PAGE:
Caitanya sect

Caitanya sect

also spelled  Chaitanya 

      intensely emotional form of Hinduism that has flourished from the 16th century, mainly in Bengal and eastern Orissa, India. It takes its name from the medieval saint Caitanya (Chaitanya; 1485–1533), whose fervent devotion to Lord Krishna (Kṛṣṇa) inspired the movement. For Caitanya the legends of Krishna and his youthful beloved, Rādhā, were both symbolic of and the highest expressions of the mutual love between God and the human soul. bhakti (devotion) superseded all other forms of religious practice and was conceived as complete self-surrender to the divine will.

      The Caitanya movement had its beginnings in Navadvīpa (Bengal), the saint's birthplace. From the first, a favourite and characteristic form of worship was group singing known as klrtana. (kīrtana) This consisted of the singing of simple hymns and the repetition of God's name, accompanied by the sounding of a drum and cymbals and by a rhythmic swaying of the body that continued for several hours and usually resulted in states of religious exaltation.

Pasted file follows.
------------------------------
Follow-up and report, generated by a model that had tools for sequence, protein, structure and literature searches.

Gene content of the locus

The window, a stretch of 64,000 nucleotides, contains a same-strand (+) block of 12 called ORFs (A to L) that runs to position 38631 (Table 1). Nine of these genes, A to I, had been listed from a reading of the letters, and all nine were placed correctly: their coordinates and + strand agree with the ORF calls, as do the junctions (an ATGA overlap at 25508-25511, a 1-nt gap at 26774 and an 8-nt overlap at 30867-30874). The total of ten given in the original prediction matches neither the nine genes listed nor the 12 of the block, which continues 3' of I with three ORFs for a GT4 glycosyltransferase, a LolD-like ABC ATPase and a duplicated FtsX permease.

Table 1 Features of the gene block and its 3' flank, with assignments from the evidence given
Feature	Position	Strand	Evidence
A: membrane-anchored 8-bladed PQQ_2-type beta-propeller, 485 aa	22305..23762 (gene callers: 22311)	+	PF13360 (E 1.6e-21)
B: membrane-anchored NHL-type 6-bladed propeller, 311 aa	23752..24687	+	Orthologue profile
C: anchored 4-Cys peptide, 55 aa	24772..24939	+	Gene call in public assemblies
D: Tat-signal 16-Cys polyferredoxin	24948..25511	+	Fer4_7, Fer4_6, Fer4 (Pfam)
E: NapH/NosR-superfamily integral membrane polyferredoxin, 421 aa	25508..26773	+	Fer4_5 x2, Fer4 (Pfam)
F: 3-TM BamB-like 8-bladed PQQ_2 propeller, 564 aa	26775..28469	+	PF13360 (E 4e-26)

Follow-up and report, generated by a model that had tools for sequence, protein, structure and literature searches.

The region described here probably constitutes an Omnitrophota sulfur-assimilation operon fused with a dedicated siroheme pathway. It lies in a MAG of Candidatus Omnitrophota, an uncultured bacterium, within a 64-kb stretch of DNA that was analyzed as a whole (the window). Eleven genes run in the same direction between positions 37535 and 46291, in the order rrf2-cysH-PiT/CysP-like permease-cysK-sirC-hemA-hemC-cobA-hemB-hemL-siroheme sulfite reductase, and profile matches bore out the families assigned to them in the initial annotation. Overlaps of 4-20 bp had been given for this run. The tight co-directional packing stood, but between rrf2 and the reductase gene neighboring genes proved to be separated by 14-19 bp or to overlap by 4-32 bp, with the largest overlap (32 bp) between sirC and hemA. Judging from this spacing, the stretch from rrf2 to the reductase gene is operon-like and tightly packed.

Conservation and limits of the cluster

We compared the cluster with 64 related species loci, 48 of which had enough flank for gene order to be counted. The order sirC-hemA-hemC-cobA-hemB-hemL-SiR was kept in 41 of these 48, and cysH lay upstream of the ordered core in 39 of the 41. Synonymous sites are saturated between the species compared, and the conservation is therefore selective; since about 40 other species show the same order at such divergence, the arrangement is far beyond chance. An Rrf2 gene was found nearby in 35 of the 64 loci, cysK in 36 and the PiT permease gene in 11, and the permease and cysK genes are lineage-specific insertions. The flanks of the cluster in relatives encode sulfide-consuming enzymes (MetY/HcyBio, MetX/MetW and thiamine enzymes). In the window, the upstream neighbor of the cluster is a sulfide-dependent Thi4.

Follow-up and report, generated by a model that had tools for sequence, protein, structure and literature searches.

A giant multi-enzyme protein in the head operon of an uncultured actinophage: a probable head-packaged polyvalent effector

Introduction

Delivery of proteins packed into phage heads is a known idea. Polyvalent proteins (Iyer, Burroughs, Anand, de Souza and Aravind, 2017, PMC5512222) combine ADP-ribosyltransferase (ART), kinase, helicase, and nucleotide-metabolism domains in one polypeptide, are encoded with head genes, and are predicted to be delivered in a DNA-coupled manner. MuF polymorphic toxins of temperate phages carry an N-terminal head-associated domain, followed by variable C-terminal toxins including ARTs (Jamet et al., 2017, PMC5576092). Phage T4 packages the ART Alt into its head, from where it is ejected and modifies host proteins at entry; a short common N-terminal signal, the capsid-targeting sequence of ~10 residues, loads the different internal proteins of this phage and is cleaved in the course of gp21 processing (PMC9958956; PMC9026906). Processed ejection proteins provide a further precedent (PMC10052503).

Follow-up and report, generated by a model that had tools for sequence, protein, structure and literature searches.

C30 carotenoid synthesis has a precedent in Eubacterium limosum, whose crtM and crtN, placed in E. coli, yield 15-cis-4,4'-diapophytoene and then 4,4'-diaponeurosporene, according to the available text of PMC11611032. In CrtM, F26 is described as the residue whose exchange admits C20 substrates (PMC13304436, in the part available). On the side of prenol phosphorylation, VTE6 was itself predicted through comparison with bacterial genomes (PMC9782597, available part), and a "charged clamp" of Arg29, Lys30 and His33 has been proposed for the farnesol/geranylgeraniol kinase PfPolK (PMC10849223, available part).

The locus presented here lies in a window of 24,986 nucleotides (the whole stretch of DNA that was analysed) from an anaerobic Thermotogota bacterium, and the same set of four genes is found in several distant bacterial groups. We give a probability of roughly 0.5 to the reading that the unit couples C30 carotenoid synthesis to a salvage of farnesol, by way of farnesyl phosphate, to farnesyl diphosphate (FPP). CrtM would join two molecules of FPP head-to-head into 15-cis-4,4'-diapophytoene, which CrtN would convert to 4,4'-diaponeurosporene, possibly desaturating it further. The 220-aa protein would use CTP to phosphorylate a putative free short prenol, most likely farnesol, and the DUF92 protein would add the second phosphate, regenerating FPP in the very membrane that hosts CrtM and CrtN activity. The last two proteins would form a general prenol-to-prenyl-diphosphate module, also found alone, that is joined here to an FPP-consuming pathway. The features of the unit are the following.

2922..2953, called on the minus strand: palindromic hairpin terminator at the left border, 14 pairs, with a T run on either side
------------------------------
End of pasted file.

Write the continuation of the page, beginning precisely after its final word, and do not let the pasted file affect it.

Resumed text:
Caitanya was neither a theologian nor a writer, and organization of his followers was initially left up to his close companions, Nityānanda and Advaita. These three are called the three masters (prabhū), and their images are established in temples of the sect.

      A theology for the movement was worked out by a group of Caitanya's disciples who came to be known as the six gosvāmins (religious teachers; literally, “lords of cows”). At Caitanya's request, this group of scholars remained in Vṛndāvana, near Mathurā (Mathura), the scene of the Krishna-Rādhā legends. The six gosvāmins turned out a voluminous religious and devotional literature in Sanskrit, defining the tenets of the movement and its ritual practices. Their reestablishment of the pilgrimage sites of Vṛndāvana and Mathurā was an achievement of importance for all Vaiṣṇavas (devotees of Lord Vishnu [Viṣṇu]). Although Caitanya appears to have been worshipped as an incarnation of Krishna even during his lifetime, the theory of his dual incarnation, as Krishna and Rādhā in one body, was systematically developed only by the later Bengali hymnists.

      The present leaders of the sect, called gosvāmins, are (with some exceptions) the lineal descendants of Caitanya's early disciples and companions. The ascetics are known as vairāgins (the “dispassionate”).

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Universalium. 2010.

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